Despite unending mountains of dishes, I love Thanksgiving. Gratitude is a potent tonic for many ills, and all others can be cured by a good meal with loved ones plus a couple of days off.
What I don’t love is the traditional Thanksgiving menu.
Luckily, no one in my posse complained when turkey was jettisoned for the moister, far tastier roast chicken, and banning marshmallows was a breeze. If only they recognized pumpkin pie as the clammy, odd-textured abomination it is. Squash should be savory. Let’s make a nice soup instead–with a little sage, perhaps–and follow with chocolate.
P.S. I thought I was alone in my lukewarm response to the classic turkey dinner until I read a piece in the New Yorker entitled, “Wonton Lust.” Here’s a brief excerpt from Calvin Trillin’s brilliant essay:
“The Thanksgiving ritual is based on eating, and, in that spirit, I particularly want to give thanks for the Immigration Act of 1965. Until then, this country virtually excluded Chinese while letting in as many English people as cared to come–a policy that in culinary terms bordered on the suicidal…. Naturally, I’d speak during [our Thanksgiving] meal about what Americans should be grateful for. ‘If the Pilgrims had been followed to the New World only by other Pilgrims,’ I’d say to the girls between bites of duck with Chinese flowering chives, ‘we would now be eating overcooked cauliflowers and warm gray meat. So count your blessings, ladies.’”
I try to be a nice person. I certainly want to be one. Unfortunately, I’m starting to believe I might not be genetically wired for punctuality and thoughtfulness. If I have missed your birthday, it’s not because I don’t care about you; I just plain forgot. Like my brothers, whose birthdays are lost somewhere in the sad, endy bits of summer, the problem is that your birthday doesn’t automatically appear on my calendar. Apologies to all of you.
Fortunately, my father’s birthday falls during the Thanksgiving season, and my sister’s is on or around the first day of spring, so even if I don’t write them down, there is always something on the calendar to magically remind me.
Easiest of all to remember is my mother’s.
My mother turned ten the day the Japanese bombed Pearl Harbor.
That must have been a memorable birthday, with everyone huddled around the radio, speechless and shaken. Probably not the best one, mind you, but remarkable, nonetheless.
Over the years, my mother has championed everyone else’s special days, but on hers she lays low, no doubt hoping someone might step up and do a little something for her for a change. We have tried.
We learned early on that Dad was good for a Hallmark card and a nice little gifty item, but he was not to be entrusted with the cake. In his defense, he did attempt to make one from a box once, but was so flummoxed by the words “ten-inch tube pan,” that he gave up and drove to Piggly Wiggly.
It’s worth mentioning that in our house, store-bought baked goods were a sign of approaching moral turpitude.
After that mini debacle, we siblings started juggling responsibility for the cake amongst ourselves, usually ironing out the details the morning of December 7.
One year, though, my medium brother decided to make an Angel Food Cake. He even started the project the DAY BEFORE. Impressive. We were all reasonably decent cooks, but we had some respect for his ambition. If you’ve made an angel food cake, you know what I mean.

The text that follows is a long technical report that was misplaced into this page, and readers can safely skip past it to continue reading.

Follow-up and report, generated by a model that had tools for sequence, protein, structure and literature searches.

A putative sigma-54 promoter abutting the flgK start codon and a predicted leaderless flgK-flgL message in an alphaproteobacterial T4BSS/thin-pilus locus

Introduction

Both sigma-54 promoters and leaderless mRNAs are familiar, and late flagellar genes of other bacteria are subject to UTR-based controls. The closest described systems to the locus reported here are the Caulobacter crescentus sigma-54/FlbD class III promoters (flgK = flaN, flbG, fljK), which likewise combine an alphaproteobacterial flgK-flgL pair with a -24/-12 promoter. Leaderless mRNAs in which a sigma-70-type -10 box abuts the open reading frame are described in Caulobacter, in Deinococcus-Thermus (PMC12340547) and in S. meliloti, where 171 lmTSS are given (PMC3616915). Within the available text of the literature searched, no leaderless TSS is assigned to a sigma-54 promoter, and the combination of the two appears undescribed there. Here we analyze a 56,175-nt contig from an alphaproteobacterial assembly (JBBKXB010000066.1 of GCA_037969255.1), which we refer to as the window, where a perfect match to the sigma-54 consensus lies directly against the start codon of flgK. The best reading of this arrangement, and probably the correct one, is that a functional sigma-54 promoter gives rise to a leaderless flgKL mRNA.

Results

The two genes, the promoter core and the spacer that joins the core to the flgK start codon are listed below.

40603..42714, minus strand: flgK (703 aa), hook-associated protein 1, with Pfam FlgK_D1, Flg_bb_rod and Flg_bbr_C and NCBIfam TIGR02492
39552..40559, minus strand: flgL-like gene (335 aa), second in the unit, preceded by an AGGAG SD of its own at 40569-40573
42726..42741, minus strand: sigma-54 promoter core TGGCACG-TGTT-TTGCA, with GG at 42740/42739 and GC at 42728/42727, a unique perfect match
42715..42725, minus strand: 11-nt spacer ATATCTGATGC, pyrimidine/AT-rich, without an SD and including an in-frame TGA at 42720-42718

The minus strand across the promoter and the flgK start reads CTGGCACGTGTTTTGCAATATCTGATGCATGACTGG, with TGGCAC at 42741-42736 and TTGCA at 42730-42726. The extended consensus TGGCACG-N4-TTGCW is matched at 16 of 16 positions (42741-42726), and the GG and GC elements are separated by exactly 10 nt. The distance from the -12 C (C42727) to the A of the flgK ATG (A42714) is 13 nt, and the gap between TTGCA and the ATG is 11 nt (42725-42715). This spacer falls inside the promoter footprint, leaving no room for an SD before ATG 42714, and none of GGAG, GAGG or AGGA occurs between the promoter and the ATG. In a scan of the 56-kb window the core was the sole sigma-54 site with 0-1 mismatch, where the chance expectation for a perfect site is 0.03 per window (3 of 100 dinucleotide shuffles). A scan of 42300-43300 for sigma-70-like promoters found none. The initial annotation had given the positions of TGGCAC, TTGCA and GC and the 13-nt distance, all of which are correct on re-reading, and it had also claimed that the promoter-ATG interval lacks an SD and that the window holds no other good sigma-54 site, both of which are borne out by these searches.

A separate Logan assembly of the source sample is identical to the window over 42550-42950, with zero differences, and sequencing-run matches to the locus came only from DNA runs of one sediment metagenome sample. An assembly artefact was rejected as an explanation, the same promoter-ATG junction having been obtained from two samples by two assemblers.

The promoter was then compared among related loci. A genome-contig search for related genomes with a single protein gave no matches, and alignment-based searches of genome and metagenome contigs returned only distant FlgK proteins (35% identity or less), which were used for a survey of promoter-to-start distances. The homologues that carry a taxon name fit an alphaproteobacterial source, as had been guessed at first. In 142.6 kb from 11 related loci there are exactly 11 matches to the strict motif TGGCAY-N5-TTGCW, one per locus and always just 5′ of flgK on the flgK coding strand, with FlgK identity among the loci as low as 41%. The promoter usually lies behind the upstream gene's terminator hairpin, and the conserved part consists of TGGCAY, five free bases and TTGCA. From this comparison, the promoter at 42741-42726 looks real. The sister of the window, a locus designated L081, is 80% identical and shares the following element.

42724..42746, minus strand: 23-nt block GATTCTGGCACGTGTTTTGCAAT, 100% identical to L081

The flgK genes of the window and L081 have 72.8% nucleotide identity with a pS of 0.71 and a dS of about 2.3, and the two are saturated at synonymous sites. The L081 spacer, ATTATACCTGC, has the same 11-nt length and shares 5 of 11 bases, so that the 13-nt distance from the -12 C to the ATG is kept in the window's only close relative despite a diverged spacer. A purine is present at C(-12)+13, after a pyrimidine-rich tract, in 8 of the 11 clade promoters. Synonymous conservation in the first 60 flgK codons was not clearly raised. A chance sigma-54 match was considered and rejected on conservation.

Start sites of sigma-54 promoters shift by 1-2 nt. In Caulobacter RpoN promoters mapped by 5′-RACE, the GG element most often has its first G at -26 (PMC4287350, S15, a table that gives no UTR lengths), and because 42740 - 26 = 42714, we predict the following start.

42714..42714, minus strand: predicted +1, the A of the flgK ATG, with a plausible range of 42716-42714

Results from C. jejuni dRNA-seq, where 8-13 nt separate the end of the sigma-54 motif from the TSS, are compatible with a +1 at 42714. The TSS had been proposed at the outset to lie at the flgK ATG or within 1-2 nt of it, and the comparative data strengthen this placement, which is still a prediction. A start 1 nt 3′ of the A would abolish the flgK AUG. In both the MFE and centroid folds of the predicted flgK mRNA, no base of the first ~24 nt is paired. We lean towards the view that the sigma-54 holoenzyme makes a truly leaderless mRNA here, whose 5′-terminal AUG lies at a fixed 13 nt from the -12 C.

Out came the ancient Betty Crocker cookbook, heavily thumbed and coated with a light dusting of flour from decades of use.
My brother looked so serious, meticulously pouring over Betty’s good book. We thought everything was under control, and gave him a little space to work his magic.
It’s uncertain exactly what went wrong. The reigning theory is that he must have combined elements from a couple of different tricky recipes arranged on the same page.
All I know is that it looked beautiful when he pulled it out of the oven. Betty said to cool the cake by flipping the whole pan upside down and sliding it onto the neck of a wine bottle. That way, the cake would cool but still stay light and airy. Trust me, if you’ve whipped 12 room temperature egg whites into a heavenly cloud, if you’ve sifted the cake flour four or five times, and spun the superfine sugar, you want that cake to be FLUFFY.
Medium brother flipped the pan, only to have a half-baked cake carcass collapse onto the counter.
After a minute or two of reverential silence, he scooped the remains right back into the pan and tossed it into the oven for another thirty minutes or so.
Then, the cake and my brother mysteriously disappeared for several hours.
Nothing more was said about the cake that day. We like to sweep things like this under the rug. I figured he had made the shameful Piggly Wiggly run, and was off somewhere, nursing his culinary wounds.
The next day was a Sunday. Everything proceeded normally: fried eggs for breakfast, followed by church, then dinner in the dining room. Sunday was the one day a week that the mail was cleared off the table. My father presented the card, the gift. It was time to sing.
Medium brother thumped down to the basement and emerged with the most astonishing sweet mess I’ve ever seen.
The cake mass had been roughly sculpted into some sort of landform and half-sunk battle ship. These were situated on a homemade wooden platform, which was covered with Reynold’s wrap and an ungodly amount of blue icing. There were American flags, tiny plastic boats and planes, and little soldiers everywhere.
It was, hands-down, the most impressive birthday cake I’ve ever seen, and to top it off, surprisingly tasty. Not like an angel food cake, perhaps–more like an epic Pearl Harbor Day cake reenactment would taste. But not too shabby.